Fig. 4.
Chk1 maintains viability and prevents gross chromosome damage after lesions are carried into S phase. (A) The percentage of Δchk1 cells that had undergone cleavage is plotted as a function of time after irradiation with a UV dose of 5 J/m2. The ...

UV-Irradiated Budding Yeast Cells Exhibit a Postreplication Checkpoint.

To determine whether postreplication delay is evolutionarily conserved, we carried out time-lapse experiments with the budding yeast Saccharomyces cerevisiae. An asynchronous population of cells was UV-irradiated, and cell-cycle progression was followed using bud emergence as a landmark. After a dose of 5 J/m2, emergence of the first bud is relatively unaffected, and emergence of the second bud is delayed (Fig. 5 and Fig. 12, which is published as supporting information on the PNAS web site). Because budding is normally initiated at the beginning of S phase, this finding suggests that cell-cycle delay does not occur until after the onset of DNA replication. A UV dose of 5 J/m2 does not slow the progress of WT budding yeast cells from G1 through S phase (18). Thus, our data are most consistent with a postreplication delay similar to that observed in fission yeast. We were able to verify that most of the cells in the population, not just a susceptible subset, delayed emergence of the second bud (Figs. 13 and 14, which are published as supporting information on the PNAS web site). As expected, some late-budding cells expected to be in S phase at the time of irradiation delayed emergence of the first bud (Fig. 14). We found that cell-cycle delay after 5 J/m2 requires the checkpoint gene mec3 (data not shown). Thus, postreplication UV delay is conserved in an organism that diverged from fission yeast >300 million years ago.

Fig. 5.
The postreplication checkpoint is conserved in budding yeast. Asynchronous haploid budding yeast (ATCC 201389, MATα his3Δ1 leu2Δ0 lys2Δ0 ura3Δ0) were irradiated and observed by time-lapse microscopy for two subsequent ...

Discussion

The UV-induced cell-cycle response of yeast cells is typically studied using short (<5-min) UV doses of ≥25 J/m2. These conditions result in fluxes in vast excess of sunlight exposure (0.1 J/m2 per min). There are little published data at UV doses <25 J/m2, and it has been suggested that there may be a lack of cell-cycle delay in yeast at these doses because of the rapid completion of DNA repair (45, 46). We have found that this is not the case, and that there is a previously undetected checkpoint response that persists for hours after 5 J/m2, a dose expected to introduce a lesion burden comparable to continual sunlight exposure. At this dose, cell-cycle progression is delayed only after lesions are carried through S phase. Thus, fission yeast irradiated in G2 phase do not trigger a checkpoint response until the second cycle after irradiation. G1 and S phase cells also delay on the second cycle, because these stages occur immediately before cytokinesis in fission yeast. The second-cycle delay of fission yeast irradiated in G1 and S phase would occur on the first cycle in organisms in which S phase occurs after cytokinesis (e.g., most eukaryotes).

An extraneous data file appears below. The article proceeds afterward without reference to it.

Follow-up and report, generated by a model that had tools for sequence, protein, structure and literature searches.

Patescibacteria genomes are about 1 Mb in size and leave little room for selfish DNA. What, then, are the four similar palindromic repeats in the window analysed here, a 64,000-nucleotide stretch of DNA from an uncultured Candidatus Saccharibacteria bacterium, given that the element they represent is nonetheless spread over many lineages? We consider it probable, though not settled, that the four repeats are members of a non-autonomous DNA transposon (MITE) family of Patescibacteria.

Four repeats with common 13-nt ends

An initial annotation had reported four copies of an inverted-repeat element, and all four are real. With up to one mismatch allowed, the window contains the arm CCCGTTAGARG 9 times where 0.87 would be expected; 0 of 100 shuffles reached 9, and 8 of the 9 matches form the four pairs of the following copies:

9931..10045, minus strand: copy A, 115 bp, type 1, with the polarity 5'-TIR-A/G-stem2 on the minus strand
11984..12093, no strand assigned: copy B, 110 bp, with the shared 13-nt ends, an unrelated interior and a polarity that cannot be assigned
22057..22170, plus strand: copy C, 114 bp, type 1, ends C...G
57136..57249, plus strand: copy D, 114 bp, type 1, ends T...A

The term “G2/M checkpoint” is frequently used to describe a mitotic delay that occurs upon the introduction of DNA damage in G2 phase (5, 21), whereas we observed that fission yeast irradiated in G2 phase do not delay the cell cycle until passing the subsequent S phase. Although the delays we observed require the same genes as the G2/M checkpoint response (chk1, as well as rad3, rad26, crb2, rad9, and rad17; data not shown), it is clearly not a G2/M checkpoint response. Because there was no cell-cycle delay within G1 in either budding or fission yeast, the response cannot be termed a G1/S checkpoint. The response shares the most similarities to an intraS checkpoint, like that observed in budding yeast upon exposure to reactive oxygen species and alkylating agents, in that it requires DNA replication and does not occur in G1 or G2 phases (18, 47, 48). However, the intraS checkpoint is marked by a delay in early or mid-S phase, whereas we found that the checkpoint response to UV occurs after bulk DNA synthesis is completed, and that the rate of genome duplication is unaffected by the presence of UV lesions. This distinction has important consequences when considering the physiological role of the response as discussed below. We favor the term “postreplication checkpoint” to describe the response, because, like the repair pathway of the same name, it occurs after the replication of DNA containing UV lesions.